Around 22 km further down the river was Tagalang, a trading camp where lakinyeri would gather to trade ochre, weapons. In the 1900s, Tailem Bend was assigned as a government ration depot supplying the Ngarrindjeri, the Ngarrindjeri were the first South Australian Aborigines to work with Europeans in large-scale economic operations, working as farmers and labourers. Shortly after the Berndts left to return to Sydney, Karloan was given an eviction order effective immediately, adamant that only death would separate him from his land, Karloan travelled to Adelaide to seek help but returned to his former home in Pomberuk on February 2,1943. They have presented a development and management plan to preserve and develop the site as a memorial, the Royal Commission found that claims of secret womens business on the island had been fabricated. Upon the evidence before this Court I am not satisfied that the restricted womens knowledge was fabricated or that it was not part of genuine Aboriginal tradition
Nukunu once widely spoke Nukunu language. The Ngaiawang of the Murray River used the term Nokunno as the name of a mythical being who went about by night killing people, the Kaurna tribe term has a meaning of an imaginary being, like a man, who prowls at night and kills, an assassin. The Nukunu were the southeastern-most tribe to practise subincision, in addition to circumcision, barngarla men used the pronunciation Nukuna for the name. The few Nukunu survivors of the British invasion of South Australia were settled at Baroota inland from Port Germein where they are known as Barutadura,1988, Solid Town, The history of Port Augusta, R. J. 1847, Savage Life and Scenes in Australia and New Zealand, vols 1 &2, Smith Elder & Co, London. Barwick, D.1984, ‘Mapping the Past, an Atlas of Victorian Clans 1835 – 1904’, Aboriginal History, Department of Pacific and Southeast Asian History, Australian National University, vol. Basedow, H.1929, The Australian Aboriginal, F. W. Preece & Sons, beddome, H. L.1886, ‘Marachowie’, in E. M.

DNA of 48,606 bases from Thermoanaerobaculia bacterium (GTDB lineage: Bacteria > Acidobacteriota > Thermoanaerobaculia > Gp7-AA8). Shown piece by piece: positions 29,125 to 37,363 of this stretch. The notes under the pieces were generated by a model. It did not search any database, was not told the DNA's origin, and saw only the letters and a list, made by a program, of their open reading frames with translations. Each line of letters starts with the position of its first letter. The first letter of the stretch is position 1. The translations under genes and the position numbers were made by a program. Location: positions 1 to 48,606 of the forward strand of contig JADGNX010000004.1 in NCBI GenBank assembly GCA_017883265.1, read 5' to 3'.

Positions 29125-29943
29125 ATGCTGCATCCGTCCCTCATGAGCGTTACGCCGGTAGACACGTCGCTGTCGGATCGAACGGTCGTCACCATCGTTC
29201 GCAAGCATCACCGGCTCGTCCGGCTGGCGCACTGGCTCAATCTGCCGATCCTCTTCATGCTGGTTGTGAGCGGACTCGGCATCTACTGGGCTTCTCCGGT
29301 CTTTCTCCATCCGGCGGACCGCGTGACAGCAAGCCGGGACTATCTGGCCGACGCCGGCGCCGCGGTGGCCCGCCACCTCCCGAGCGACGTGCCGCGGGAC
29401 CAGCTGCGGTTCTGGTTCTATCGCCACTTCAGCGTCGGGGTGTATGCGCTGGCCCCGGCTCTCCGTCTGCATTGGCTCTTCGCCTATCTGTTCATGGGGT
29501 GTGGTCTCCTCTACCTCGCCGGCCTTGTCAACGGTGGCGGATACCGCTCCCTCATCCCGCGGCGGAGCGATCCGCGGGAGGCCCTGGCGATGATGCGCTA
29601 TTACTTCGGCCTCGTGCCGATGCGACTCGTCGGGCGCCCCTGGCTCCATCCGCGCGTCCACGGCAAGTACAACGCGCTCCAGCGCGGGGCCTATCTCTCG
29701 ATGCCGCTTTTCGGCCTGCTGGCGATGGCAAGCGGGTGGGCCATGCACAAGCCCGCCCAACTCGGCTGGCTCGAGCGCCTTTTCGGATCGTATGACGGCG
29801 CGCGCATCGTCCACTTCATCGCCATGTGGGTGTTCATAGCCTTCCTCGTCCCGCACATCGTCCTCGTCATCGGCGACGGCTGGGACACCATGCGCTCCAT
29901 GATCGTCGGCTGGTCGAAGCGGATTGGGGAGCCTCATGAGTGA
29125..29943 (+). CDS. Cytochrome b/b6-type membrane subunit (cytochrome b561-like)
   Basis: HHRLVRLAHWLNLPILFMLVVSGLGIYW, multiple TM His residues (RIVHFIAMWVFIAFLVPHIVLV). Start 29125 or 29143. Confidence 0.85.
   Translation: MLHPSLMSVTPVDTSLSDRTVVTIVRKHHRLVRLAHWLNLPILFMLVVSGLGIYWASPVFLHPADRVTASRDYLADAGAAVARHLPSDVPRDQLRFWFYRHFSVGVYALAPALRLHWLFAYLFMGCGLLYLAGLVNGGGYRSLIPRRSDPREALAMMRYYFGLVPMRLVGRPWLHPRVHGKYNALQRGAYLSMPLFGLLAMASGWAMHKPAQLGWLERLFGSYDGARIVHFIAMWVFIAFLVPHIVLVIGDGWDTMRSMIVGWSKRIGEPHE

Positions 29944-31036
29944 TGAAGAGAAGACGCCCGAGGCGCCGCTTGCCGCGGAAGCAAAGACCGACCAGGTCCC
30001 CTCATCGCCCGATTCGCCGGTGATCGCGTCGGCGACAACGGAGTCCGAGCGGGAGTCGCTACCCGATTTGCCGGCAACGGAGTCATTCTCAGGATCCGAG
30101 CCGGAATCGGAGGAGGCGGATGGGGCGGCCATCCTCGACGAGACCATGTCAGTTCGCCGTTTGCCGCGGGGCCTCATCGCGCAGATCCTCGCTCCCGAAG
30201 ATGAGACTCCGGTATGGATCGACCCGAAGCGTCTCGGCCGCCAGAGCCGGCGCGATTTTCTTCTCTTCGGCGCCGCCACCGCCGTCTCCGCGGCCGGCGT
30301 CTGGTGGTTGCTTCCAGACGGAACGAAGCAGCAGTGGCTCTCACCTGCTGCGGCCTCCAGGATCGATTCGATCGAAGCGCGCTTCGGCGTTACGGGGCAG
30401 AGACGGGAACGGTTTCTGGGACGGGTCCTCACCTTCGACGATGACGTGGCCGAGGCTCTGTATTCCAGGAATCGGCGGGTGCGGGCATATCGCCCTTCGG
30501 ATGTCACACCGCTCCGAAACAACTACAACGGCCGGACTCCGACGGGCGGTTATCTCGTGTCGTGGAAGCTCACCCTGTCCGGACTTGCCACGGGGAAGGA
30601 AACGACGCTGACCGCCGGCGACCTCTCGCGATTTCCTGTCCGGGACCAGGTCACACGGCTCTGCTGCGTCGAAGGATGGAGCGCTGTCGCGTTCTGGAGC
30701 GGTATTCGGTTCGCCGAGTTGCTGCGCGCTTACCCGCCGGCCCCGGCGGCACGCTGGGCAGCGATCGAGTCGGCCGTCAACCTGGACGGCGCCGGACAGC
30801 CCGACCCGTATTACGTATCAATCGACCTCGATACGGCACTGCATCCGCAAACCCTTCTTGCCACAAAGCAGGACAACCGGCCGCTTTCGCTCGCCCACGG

Curr ed. The Australian Race, its Origin, Customs, Place of Landing in Australia,1993, A World That Was, The Yaraldi of the Murray Lakes, South Australia, Melbourne University Press, Melbourne. Black, J. M.1917, Vocabularies of Three South Australian Native Languages – Wirrung, capell, A.1963, Linguistic Survey of Australia, Australian Institute of Aboriginal Studies, Sydney. 1955, Aboriginal Bird Names – South Australia, The South Australian Ornithologist, Curr, E. M. ed.1886, The Australian Race, its Origin, Customs, Place of Landing in Australia, and the Routes by Which It Spread Itself, vol. Davidson, D. S.1938, A Preliminary Register of Australian Tribes and Hordes, The American Philosophical Society, davis, S.1993, Australias Extant and Imputed Traditional Aboriginal Territories, Melbourne University Press, Melbourne. Ed.1976, Grammatical Categories in Australian Languages, Linguistic Series no,22, Australian Institute of Aboriginal Studies & Humanities Press, Canberra. Donahue, M.1991, ‘AIATSIS Library Language Names and Community/Established Language Names’, Australian Institute of Aboriginal and Torres Strait Islander Studies,1889, ‘The Aborigines of South and Central Australia’ Royal Society of South Australian Field Naturalists Section Proceedings, pp. 1–11.